We talk and write about linen fabric and linen items made of it a lot. Let’s now take a look to the origins of this beloved fabric of mine, let’s look at the history of linen fabric! Ancestors of linen bed linen, linen tablecloths and linen clothes come from very early days of humanity.
Linen fiber together with wool fiber is one of the oldest used by humans. Linen fibers are produced from the stems of the flax plan. Linen was an important textile before cotton and other fibers as it is very versatile and can serve many purposes. The best thing about flax plant is that all its parts can be used for something – so no part of it is wasted. For quality linen fabric only best stems are used, but the left over parts – like linseeds, oil, straw, lower-quality stems – are turned into many products: lino, soap, healthy nutritious oil, paper, even cattle feed and lots more.
Linen Fabric History
To grow flax plants, well-drained soil and a cool, humid environment is needed. Eastern and Western European climate is perfect for this –flax grown there is regarded top quality. Flax (by scientifical name Linum usitatissimum) is a member of the Linaceae plant family. The last word of its Latin name means “most useful” and tell us how important this plant was to ancient people. Recent discoveries in the Republic of Georgia show that the flax plant and its products were already used by humans from about 30,000 B.C.!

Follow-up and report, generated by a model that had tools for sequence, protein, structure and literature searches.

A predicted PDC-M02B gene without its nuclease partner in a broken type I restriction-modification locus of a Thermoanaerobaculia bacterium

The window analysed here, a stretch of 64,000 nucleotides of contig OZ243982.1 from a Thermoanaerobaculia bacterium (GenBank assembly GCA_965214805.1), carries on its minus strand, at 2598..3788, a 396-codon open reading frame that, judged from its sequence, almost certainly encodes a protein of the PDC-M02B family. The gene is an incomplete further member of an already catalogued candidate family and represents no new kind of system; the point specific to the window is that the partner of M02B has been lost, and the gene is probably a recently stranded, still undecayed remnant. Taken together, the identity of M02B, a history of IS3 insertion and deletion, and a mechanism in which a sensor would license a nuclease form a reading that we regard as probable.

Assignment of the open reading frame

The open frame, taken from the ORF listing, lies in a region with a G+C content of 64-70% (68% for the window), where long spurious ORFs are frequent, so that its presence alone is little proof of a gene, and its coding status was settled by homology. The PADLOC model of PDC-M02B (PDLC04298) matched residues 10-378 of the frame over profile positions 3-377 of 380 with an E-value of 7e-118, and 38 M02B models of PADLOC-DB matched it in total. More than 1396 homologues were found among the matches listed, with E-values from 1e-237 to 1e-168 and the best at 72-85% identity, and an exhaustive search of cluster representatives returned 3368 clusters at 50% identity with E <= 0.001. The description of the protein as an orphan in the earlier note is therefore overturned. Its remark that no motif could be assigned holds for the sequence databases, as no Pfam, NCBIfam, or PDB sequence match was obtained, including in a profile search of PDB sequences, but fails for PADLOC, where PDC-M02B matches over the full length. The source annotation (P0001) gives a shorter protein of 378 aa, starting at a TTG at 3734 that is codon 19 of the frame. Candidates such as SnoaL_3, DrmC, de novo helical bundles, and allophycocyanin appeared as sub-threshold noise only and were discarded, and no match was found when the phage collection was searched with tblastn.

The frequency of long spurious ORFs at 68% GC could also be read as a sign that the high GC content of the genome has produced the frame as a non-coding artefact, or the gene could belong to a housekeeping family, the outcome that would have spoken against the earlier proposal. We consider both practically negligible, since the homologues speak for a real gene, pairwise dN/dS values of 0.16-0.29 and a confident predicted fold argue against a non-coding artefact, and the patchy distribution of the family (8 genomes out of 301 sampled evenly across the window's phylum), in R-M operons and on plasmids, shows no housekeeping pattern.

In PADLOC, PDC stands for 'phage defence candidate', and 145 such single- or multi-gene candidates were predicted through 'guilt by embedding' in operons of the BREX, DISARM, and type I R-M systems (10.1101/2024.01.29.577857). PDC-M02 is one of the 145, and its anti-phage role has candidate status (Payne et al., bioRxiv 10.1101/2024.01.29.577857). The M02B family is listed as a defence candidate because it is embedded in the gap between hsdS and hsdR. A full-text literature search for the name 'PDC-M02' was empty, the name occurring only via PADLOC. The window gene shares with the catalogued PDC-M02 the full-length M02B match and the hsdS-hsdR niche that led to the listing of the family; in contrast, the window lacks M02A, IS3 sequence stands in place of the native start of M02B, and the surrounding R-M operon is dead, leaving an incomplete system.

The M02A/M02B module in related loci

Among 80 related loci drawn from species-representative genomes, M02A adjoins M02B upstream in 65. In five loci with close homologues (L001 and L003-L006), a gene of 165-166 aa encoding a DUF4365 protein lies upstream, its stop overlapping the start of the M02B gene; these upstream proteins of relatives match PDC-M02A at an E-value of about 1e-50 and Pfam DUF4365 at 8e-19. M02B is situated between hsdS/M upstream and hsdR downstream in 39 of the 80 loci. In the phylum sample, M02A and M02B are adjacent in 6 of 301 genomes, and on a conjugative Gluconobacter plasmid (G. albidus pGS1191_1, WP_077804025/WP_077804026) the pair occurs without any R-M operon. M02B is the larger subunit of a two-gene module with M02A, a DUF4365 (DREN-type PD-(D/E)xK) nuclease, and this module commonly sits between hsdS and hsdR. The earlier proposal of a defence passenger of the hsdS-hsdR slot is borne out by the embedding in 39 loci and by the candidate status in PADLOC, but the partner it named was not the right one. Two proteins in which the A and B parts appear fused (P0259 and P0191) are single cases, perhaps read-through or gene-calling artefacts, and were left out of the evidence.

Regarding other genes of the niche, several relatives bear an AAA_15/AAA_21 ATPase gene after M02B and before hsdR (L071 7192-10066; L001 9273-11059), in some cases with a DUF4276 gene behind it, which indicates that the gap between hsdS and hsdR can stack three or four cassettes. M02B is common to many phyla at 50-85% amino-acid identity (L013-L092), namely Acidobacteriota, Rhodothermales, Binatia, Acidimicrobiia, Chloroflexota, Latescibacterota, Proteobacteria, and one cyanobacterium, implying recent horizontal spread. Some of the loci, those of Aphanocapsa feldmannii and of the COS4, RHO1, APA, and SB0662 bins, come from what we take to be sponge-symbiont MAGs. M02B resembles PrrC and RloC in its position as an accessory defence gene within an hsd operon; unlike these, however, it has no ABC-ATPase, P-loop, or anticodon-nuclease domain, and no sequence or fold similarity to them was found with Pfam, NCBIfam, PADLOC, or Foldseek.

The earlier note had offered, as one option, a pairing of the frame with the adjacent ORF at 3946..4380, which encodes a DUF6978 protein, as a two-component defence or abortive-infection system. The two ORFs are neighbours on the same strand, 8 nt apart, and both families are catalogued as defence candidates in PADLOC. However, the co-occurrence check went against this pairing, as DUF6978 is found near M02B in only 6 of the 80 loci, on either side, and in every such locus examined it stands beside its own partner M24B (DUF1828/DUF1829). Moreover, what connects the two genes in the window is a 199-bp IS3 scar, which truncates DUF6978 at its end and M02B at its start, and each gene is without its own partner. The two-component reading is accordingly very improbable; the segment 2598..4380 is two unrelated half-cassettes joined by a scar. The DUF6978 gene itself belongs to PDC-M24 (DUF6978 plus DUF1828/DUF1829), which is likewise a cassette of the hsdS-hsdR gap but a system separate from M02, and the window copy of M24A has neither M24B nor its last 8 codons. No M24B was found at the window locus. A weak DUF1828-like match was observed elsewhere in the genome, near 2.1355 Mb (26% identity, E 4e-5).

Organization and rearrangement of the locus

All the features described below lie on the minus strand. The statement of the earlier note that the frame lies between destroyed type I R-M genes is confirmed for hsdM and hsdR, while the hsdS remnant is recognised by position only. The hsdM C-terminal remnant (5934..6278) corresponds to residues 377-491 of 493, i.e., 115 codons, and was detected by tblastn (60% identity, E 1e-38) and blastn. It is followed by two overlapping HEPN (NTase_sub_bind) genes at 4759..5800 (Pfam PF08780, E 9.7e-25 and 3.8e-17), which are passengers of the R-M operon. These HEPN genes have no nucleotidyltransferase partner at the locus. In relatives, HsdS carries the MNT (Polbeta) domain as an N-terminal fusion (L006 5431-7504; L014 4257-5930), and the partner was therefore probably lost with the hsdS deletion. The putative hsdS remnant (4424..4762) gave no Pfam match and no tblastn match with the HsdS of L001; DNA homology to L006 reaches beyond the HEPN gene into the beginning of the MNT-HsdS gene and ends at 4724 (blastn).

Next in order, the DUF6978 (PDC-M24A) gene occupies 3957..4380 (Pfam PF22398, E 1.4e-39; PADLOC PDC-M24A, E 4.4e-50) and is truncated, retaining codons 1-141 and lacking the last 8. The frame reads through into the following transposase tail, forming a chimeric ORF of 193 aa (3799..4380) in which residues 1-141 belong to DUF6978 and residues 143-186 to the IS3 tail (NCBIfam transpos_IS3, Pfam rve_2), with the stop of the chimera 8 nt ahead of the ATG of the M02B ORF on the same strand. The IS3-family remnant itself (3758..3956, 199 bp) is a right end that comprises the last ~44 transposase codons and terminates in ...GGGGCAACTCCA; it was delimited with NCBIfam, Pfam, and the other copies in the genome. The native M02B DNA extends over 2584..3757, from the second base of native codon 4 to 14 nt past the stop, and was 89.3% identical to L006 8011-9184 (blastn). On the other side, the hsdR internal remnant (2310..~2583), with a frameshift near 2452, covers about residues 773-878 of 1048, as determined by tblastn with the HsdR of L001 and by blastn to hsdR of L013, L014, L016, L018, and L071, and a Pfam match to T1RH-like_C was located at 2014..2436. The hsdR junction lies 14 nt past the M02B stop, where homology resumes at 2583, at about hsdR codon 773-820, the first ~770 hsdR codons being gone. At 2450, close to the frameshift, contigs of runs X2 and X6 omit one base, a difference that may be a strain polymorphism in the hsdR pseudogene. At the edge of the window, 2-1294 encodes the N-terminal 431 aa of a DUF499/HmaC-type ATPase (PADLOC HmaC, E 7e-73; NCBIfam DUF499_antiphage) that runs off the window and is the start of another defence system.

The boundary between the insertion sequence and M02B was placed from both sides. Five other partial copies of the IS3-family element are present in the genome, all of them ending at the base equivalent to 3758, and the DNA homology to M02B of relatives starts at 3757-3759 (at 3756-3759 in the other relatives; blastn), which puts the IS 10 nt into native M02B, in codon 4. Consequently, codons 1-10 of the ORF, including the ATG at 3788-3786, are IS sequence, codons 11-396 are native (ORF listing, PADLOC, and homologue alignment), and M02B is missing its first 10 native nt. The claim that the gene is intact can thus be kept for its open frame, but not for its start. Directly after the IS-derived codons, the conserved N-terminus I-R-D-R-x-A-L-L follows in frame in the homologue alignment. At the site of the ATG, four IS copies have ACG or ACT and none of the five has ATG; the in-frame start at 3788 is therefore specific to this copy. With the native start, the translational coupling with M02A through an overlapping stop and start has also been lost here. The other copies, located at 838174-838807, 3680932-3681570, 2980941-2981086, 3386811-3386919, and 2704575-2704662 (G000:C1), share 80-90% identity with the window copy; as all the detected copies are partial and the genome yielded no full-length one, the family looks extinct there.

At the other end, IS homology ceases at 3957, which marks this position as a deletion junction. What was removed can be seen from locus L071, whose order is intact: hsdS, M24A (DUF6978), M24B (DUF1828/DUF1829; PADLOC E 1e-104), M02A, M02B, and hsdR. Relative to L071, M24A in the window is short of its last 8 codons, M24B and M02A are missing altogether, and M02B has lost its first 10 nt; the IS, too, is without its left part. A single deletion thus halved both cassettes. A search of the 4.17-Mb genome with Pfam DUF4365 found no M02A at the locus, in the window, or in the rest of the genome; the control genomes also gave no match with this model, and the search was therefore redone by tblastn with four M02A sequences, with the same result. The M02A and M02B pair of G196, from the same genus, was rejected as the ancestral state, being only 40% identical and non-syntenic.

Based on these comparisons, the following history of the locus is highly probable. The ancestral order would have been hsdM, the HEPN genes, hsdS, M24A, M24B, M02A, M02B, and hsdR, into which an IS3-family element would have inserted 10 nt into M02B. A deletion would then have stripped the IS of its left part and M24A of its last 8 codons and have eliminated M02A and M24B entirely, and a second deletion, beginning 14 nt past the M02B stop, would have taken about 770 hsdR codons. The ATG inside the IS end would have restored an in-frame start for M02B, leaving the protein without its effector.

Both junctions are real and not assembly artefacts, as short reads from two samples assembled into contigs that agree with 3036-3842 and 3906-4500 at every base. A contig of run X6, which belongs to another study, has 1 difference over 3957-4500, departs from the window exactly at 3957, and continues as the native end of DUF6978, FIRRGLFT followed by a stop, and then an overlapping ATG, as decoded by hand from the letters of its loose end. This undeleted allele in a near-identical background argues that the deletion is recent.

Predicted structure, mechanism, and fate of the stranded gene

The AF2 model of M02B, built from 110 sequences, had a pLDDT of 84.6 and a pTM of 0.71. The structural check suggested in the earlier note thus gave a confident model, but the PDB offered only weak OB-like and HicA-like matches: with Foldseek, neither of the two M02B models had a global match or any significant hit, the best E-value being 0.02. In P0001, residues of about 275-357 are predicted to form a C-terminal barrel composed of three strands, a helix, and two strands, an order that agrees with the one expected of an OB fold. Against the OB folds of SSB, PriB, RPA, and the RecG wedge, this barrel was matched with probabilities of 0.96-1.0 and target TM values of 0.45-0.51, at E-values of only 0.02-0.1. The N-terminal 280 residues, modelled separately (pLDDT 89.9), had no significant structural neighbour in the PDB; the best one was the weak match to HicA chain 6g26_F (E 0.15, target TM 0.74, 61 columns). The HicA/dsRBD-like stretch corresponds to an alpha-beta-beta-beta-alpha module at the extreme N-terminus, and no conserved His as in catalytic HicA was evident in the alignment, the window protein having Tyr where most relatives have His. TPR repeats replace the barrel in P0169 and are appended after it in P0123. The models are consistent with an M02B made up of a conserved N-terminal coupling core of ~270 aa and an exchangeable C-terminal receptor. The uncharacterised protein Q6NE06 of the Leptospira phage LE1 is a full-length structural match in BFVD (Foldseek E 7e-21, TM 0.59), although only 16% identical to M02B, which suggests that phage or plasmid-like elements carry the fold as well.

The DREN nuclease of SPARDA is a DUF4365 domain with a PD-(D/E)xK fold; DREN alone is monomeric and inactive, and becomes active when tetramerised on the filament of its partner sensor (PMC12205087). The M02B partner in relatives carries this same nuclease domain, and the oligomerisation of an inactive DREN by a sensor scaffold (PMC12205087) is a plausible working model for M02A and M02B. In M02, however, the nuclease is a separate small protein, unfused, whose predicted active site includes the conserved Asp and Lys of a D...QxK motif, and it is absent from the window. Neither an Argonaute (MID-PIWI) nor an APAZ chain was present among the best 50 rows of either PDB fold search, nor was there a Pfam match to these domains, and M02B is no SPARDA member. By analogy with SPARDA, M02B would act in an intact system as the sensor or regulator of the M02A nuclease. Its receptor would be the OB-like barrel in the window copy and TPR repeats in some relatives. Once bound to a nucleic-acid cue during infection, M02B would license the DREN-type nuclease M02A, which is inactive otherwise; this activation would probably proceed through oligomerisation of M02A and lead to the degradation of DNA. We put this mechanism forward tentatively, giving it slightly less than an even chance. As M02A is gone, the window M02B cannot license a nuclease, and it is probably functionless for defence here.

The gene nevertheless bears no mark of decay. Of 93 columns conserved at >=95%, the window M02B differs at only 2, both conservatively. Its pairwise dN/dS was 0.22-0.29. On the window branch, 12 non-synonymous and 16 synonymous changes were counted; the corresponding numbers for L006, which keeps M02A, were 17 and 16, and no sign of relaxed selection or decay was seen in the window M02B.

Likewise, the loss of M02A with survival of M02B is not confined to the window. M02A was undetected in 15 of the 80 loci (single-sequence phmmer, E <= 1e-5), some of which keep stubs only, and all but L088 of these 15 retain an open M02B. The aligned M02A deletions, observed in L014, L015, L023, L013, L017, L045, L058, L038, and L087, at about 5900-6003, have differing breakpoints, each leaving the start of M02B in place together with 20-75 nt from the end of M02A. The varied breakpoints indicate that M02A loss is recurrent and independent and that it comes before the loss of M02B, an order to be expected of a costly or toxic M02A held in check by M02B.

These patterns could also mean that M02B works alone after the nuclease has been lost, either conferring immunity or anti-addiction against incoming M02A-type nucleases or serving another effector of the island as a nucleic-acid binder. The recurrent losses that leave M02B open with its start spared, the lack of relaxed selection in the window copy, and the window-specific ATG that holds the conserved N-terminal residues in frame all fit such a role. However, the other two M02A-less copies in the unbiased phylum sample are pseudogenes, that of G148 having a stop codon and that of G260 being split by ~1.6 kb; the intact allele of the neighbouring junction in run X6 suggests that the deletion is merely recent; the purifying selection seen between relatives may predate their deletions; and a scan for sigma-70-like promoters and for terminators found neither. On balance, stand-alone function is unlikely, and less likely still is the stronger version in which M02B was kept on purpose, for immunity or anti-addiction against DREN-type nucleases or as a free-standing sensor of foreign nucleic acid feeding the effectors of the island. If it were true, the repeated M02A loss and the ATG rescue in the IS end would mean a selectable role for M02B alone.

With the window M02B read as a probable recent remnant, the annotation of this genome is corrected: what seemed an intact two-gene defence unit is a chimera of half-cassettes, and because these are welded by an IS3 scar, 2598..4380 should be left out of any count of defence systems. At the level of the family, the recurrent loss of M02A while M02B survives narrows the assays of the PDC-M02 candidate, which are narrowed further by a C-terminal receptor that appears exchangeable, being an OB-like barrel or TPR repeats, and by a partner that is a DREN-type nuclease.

Middle East countries were origins of the flax plant and linen fabric – flax crops flourished there and skillful artisans turned them into ropes, fabric – and then – to other products. Nowadays flax is a popular plant to grow worldwide.
Linen Fabic in Use
Lots of hard work involved in producing linen cloth from flax plant caused its high prices. Not everyone afforded it. In ancient Egypt there was a custom to wrap mummies with linen before laying them into tombs and sometimes linen even was used as currency. In European Mediaeval times linen fabric was well know and used – linen clothing, sacks, home sheets, sails, fishing nets, ropes, strings for bows, bags and purses were produced. It was also a popular belief of flax obtaining some guarding powers – it was said that flax flowers protect from witchcraft, black magic and sorcery. Linen fabric even has its place in the Bible – Christ wore linen as he lay on his tomb.
For me it is very appealing and satisfying to work with a fabric with such long-reaching roots. Knowing that people many centuries ago wore linen clothes, slept on linen bedding, and used linen tablecloths is somehow reassuring. It makes me feel like a successor of those who believed in flax and thought of so many ways of using it for comfort, beauty and health of other human beings! When designing and producing my linen bed linen, linen bathroom linen, linen napkins and linen clothes, I am proud of being of a continuity of such an meaningful mission.